The risk of experiencing heart problems after completing cancer treatment increases for some cancer survivors. These side effects can include high blood pressure, irregular heartbeat (arrhythmia), or even congestive heart failure. Heart conditions can be caused by or made worse from, the use of some chemotherapies, radiation therapy, targeted therapies and/or immunotherapies.
Not everyone who receives cancer treatment has heart problems as a result. Each survivor’s risk for this side effect is impacted by their treatments as well as their heart health and risk for developing heart disease before, during and after cancer treatment. Those who already had heart problems prior to treatment, for example, are typically at a higher risk for developing new or worsening existing conditions, than those who didn't have heart conditions before treatment.
Cancer research is underway to determine how to use echocardiography, electrocardiography, and monitoring for certain biomarkers to help identify potential heart problems in survivors before symptoms even appear.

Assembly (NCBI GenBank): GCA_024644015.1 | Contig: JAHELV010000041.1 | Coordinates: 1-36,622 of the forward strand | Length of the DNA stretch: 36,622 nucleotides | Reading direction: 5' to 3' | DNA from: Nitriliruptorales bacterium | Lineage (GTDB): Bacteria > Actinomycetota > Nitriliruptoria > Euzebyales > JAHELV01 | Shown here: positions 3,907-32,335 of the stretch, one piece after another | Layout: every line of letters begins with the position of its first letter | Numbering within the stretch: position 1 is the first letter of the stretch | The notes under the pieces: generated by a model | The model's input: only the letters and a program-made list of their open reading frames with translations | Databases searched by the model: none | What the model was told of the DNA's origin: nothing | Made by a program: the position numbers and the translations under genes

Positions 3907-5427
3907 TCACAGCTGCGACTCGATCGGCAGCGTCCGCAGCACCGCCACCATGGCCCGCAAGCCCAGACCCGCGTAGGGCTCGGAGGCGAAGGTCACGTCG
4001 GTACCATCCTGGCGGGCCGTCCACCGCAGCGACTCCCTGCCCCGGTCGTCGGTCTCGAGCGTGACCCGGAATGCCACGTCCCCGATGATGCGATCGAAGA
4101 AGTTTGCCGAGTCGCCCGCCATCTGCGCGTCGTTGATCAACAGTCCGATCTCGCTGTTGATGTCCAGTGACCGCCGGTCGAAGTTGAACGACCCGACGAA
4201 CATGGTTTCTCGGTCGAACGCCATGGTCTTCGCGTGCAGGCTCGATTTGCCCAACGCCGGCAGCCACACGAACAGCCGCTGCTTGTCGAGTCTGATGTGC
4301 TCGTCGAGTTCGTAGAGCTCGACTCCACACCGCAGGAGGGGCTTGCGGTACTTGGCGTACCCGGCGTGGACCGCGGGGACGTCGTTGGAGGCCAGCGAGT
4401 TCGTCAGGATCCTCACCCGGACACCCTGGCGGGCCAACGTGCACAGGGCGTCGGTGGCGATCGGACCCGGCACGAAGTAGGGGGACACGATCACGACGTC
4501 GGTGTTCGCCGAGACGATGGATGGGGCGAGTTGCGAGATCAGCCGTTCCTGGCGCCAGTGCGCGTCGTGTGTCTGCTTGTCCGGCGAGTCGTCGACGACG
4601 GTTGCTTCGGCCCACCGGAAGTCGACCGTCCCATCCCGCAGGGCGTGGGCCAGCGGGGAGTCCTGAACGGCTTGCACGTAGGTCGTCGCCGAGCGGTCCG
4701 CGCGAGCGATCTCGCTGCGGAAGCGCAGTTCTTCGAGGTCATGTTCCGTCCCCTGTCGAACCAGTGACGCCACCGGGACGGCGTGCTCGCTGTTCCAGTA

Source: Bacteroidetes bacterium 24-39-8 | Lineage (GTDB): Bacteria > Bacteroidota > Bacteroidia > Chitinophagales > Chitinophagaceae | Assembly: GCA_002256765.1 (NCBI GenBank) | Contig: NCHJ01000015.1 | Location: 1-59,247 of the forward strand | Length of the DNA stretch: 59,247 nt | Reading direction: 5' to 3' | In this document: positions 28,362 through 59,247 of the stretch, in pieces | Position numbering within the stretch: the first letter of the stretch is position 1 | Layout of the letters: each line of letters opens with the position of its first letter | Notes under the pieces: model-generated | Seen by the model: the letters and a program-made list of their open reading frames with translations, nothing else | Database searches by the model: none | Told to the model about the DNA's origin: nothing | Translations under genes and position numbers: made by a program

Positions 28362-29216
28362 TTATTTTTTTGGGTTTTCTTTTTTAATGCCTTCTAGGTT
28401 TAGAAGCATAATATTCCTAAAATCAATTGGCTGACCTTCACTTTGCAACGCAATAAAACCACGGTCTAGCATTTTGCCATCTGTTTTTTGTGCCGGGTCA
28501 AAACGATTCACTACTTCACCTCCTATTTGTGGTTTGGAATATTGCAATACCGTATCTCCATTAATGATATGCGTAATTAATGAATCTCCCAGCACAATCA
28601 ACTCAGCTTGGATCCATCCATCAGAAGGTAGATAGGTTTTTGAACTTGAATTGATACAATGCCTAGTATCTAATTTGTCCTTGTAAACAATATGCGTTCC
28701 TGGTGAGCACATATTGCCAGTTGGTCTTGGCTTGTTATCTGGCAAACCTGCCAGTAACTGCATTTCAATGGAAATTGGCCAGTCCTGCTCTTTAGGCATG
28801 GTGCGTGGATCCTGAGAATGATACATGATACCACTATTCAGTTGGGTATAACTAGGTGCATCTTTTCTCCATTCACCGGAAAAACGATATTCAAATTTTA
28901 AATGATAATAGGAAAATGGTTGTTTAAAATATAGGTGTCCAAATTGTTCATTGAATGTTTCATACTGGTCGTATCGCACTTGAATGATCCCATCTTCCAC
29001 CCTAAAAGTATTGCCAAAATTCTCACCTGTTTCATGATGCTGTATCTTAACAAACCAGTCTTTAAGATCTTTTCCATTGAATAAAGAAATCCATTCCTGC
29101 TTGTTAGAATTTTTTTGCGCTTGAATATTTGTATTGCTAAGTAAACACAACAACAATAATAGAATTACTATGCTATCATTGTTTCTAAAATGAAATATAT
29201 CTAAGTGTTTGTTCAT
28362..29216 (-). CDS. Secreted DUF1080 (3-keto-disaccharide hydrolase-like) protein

There are several heart-related issues that can occur as a result of cancer treatment. It’s important for all cancer survivors to receive checkups from their primary care physician to monitor blood pressure, heart rate, and overall cardiac health. Often, cancer survivors forget to have these annual check-ups and screenings for other types of cancer. Be sure to add it to your calendar! And don’t be shy to call your doctor or go straight to the ER if you have chest or lung pain, a rapid heartbeat that won’t slow down, leg pain, or a hot spot in your leg which is a symptom of a blood clot.
While some symptoms of heart problems are easily-identifiable, others are not. If you feel that you’re experiencing any of the following you should make an appointment with your primary care physician:
Also, be sure to mention these to your cancer provider team. Since they are familiar with your treatments, they may also have insight into the types of side effects they see in cancer survivors.
Don’t be surprised if you start to experience these symptoms weeks, months or even years after cancer treatment is complete. And be sure to do what you can to help your heart by: